RODALE NEWS, EMMAUS, PA—A large review investigating studies dealing with particulate pollution found that the small particles are creating a devastating effect on cardiovascular health. Particulate pollution, also known as particulate matter or PM, consists of a mix of combustion byproduct particles like soot, ashes, and dust, along with tiny droplets of liquids called aerosols. Some you can see, but some particles are 30 times smaller in diameter than a single strand of hair. To complicate matters, cancer-causing chemicals can hitchhike into your lungs via these tiny particles. The analysis finds that although life expectancy rates have increased as air pollution as a whole has decreased, particle pollution is still causing heart and other cardiovascular ailments, and could even be making people more vulnerable to type 2 diabetes and obesity.
THE DETAILS: The review of particulate air pollution and its effect on cardiovascular health appeared recently in the journal Circulation. Researchers found strong evidence linking higher exposures of particulate matter to an increased risk of hospitalization for heart and lung ailments, including heart disease, congestive heart failure, coronary atherosclerosis, heart attack, blood clots, ischemic stroke, and death.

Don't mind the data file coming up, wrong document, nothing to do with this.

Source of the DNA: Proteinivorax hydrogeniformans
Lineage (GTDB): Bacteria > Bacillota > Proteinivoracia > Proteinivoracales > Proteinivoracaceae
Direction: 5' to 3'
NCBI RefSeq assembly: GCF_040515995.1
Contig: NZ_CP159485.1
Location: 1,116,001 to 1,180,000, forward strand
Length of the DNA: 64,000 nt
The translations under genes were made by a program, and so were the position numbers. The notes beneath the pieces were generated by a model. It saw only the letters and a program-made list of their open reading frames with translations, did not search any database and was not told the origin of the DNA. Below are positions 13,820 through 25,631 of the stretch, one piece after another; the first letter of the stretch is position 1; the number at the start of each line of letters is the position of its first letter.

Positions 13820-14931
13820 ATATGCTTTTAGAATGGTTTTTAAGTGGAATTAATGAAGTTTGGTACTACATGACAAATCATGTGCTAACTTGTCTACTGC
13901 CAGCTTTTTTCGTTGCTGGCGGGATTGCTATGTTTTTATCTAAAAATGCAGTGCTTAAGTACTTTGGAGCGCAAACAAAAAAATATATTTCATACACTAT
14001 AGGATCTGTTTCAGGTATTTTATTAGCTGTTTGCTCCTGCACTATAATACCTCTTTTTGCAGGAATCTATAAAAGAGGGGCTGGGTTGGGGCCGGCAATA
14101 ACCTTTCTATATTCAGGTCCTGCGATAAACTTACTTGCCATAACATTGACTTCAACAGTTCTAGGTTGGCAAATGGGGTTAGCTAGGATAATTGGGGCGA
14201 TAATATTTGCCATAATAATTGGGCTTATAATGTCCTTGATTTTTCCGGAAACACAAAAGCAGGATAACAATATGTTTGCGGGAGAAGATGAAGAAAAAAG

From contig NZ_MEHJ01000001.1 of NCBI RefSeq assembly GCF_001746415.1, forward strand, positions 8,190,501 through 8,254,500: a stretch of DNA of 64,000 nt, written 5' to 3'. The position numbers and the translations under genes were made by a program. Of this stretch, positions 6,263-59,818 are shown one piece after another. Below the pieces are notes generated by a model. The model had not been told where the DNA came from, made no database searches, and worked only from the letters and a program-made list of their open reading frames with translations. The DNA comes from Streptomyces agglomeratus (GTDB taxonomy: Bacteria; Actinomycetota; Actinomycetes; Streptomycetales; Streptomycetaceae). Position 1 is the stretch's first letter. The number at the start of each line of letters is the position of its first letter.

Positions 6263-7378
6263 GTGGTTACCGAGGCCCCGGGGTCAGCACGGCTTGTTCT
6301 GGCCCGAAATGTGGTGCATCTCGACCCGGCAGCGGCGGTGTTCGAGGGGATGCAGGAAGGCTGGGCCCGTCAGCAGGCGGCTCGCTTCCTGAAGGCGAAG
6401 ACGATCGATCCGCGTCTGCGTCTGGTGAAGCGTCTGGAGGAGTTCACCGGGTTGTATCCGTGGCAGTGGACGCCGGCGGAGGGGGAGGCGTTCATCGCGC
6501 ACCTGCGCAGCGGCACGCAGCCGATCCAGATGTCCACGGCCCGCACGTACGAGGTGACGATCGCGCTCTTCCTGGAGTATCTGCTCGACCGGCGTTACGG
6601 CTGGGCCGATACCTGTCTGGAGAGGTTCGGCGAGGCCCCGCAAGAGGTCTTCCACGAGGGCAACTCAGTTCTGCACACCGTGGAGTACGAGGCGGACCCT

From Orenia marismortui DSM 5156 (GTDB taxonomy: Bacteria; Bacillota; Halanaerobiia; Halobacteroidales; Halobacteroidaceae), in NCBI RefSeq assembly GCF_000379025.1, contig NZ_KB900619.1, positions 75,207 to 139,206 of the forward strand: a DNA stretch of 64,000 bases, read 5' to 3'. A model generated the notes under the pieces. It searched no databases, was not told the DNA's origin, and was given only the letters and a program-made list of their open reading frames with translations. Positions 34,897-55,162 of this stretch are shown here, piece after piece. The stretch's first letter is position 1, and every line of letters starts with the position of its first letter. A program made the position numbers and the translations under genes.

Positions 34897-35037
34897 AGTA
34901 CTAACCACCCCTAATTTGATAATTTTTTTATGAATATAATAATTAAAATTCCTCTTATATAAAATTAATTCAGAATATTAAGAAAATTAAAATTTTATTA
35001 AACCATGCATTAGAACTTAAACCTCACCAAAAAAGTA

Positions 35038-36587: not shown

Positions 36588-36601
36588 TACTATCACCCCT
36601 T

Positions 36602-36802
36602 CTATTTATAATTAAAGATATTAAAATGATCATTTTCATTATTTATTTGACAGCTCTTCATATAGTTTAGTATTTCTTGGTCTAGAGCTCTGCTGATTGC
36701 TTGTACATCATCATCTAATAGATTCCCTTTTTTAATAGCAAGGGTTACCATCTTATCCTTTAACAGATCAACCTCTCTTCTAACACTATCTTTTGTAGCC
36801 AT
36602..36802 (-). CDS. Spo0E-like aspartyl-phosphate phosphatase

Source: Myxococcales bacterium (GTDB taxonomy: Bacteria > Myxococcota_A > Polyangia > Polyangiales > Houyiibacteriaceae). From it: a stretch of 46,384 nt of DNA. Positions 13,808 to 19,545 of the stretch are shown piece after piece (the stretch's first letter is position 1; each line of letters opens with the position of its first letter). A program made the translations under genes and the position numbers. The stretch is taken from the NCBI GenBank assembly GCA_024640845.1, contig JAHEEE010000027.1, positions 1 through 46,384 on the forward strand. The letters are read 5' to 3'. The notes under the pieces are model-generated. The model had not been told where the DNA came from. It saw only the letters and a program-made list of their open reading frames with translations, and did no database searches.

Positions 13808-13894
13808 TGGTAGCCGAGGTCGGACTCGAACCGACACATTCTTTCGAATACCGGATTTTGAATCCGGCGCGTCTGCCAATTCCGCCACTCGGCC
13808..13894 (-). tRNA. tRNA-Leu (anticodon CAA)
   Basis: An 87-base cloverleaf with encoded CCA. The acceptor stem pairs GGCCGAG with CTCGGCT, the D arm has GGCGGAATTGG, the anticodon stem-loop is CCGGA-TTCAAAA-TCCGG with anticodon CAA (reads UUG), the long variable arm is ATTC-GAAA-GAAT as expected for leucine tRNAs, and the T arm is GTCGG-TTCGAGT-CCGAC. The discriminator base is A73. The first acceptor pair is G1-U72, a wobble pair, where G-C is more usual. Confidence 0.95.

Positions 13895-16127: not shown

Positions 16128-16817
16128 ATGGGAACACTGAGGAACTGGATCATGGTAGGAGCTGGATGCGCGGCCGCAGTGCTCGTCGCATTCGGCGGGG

WHAT IT MEANS: We all know that cigarette smoke is bad for us. But enter particulate matter as another major destroyer of heart health that can possibly lead to or exacerbate high blood pressure, heart disease, diabetes, and even obesity. Particulate pollution has also been shown to worsen asthma. A study published recently in the American Journal of Physiology—Lung Cellular and Molecular Physiology last month found that ultrafine particle pollution from freeway traffic emissions is potent enough to induce inflammation that exacerbates asthma. The toxic organic compounds found in gasoline exhaust create free radicals in the body that can lead to disease, the researchers say.
Published on: July 20, 2010
Updated on: July 20, 2010